When I think of how I handled anger before being saved (in 1977), I’m amazed how far the Lord has brought me. I used to write “how far I’ve come.” But the truth is He has brought me to this place of knowing how to express anger without sinning and admitting it when I mess up.

Not long ago, I heard the song, “That Was Then, This Is Now,” by Josh Wilson for the first time. The message he sings about brings such joy to my heart every time I hear it. I confess sometimes I take for granted the gift of salvation and the God-directed transformation process that follows. This song reminds me to celebrate what God has done and is doing for me and in me.

No, I’m not perfect. I still mess up. But God forgives, and I’ve learned how to move on. He repeatedly shows me the better way–His way, if I’m willing to listen and present to Him a teachable heart.

Today I’m celebrating that once I was lost, but I’ve been found. I am a changed person. The best thing of all is that I have an intimate relationship with the God of the universe, who loves me with His unfailing love.

When someone makes a judgment that I’m not acting “good enough,” to be a Christian, I can say the phrase I’ve seen often in reference to this issue: “God isn’t finished with me yet.”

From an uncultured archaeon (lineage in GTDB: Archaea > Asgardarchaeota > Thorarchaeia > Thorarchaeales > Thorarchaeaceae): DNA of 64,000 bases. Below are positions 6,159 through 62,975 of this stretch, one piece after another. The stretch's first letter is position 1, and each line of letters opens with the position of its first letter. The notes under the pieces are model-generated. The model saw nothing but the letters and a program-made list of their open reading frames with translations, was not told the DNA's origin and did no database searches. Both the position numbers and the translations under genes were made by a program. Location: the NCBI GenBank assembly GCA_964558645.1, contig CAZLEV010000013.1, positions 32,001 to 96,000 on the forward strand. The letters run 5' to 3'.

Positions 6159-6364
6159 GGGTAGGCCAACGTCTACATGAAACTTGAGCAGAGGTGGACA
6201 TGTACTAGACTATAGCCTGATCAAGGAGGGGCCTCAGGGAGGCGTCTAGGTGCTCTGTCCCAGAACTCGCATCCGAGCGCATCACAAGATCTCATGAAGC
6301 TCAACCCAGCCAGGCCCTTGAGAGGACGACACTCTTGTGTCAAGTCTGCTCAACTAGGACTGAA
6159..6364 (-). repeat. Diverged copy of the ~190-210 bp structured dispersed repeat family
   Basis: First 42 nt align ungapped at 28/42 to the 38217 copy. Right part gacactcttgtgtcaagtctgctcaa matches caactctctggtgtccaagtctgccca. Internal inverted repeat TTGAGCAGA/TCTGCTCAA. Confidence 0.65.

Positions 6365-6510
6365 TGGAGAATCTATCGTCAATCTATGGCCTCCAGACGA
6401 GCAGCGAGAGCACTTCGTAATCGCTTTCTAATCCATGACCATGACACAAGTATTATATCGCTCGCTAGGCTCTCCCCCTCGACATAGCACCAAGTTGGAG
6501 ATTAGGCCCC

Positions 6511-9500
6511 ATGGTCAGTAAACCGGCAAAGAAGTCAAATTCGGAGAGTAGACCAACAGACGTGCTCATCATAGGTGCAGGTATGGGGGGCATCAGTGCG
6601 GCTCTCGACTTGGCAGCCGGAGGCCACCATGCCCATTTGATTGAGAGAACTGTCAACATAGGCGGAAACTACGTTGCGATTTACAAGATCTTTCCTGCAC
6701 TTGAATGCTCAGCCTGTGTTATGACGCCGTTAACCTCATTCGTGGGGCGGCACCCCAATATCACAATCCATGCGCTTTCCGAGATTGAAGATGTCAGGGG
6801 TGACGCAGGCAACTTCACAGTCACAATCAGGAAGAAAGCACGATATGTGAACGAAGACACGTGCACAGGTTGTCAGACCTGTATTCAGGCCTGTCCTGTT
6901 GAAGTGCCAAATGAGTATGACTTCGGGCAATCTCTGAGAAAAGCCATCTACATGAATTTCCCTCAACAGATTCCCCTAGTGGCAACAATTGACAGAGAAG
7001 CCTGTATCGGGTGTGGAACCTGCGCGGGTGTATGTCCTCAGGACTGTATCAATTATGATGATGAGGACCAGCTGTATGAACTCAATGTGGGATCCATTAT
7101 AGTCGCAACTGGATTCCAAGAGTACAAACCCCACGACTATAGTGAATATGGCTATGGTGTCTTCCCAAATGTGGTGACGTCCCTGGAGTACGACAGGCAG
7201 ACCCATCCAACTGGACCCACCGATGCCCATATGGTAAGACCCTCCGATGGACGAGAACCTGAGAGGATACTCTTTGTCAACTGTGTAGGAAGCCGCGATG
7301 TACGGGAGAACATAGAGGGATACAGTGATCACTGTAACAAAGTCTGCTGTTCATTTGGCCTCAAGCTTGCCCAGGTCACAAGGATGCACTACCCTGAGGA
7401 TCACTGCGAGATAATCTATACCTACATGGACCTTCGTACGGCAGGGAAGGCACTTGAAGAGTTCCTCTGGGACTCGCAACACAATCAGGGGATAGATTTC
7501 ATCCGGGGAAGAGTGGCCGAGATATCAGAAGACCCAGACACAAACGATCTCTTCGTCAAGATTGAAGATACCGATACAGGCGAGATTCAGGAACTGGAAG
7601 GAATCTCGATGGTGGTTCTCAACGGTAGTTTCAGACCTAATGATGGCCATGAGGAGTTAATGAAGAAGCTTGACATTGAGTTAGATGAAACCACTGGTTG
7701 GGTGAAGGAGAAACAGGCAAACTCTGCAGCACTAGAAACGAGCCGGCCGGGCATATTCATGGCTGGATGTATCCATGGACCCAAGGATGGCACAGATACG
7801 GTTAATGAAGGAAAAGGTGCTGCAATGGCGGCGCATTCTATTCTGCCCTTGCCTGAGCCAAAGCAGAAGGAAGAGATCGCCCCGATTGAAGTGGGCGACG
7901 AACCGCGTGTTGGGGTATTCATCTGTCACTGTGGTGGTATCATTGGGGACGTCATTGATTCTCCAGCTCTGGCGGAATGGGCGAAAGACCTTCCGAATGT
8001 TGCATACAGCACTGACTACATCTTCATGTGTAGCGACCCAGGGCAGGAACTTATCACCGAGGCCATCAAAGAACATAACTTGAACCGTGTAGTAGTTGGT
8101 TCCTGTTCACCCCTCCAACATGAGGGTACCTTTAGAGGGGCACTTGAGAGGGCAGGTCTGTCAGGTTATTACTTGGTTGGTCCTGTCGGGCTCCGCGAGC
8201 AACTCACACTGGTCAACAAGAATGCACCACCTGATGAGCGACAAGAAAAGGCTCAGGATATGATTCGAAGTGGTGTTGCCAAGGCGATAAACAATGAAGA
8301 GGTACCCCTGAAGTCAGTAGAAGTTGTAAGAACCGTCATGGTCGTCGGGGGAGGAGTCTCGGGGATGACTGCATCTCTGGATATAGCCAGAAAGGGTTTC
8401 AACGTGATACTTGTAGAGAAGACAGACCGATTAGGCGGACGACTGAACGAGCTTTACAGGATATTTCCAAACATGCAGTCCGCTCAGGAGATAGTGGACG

And I can rejoice over this promise in God’s Word: “…He who has begun a good work in you will [continue to] perfect and complete it until the day of Christ Jesus [the time of His return]” (Philippians 1:6 AMP)

God is so good.

Father, I praise You for the gift of salvation and for the ongoing transformation that’s taking place in my soul. Help me to focus on how far You’ve brought me, and help me to maintain a grateful, joyful heart. In Jesus’ name. Amen.

If you’ve never received the precious gift of salvation through Jesus Christ, click this link.

“That Was Then, This Is Now” by Josh Wilson

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Restored Joy

This past Saturday while attending the Seminole Sound Spectacular, I took a train of thought that brought me to a place of overwhelming sorrow and then tears.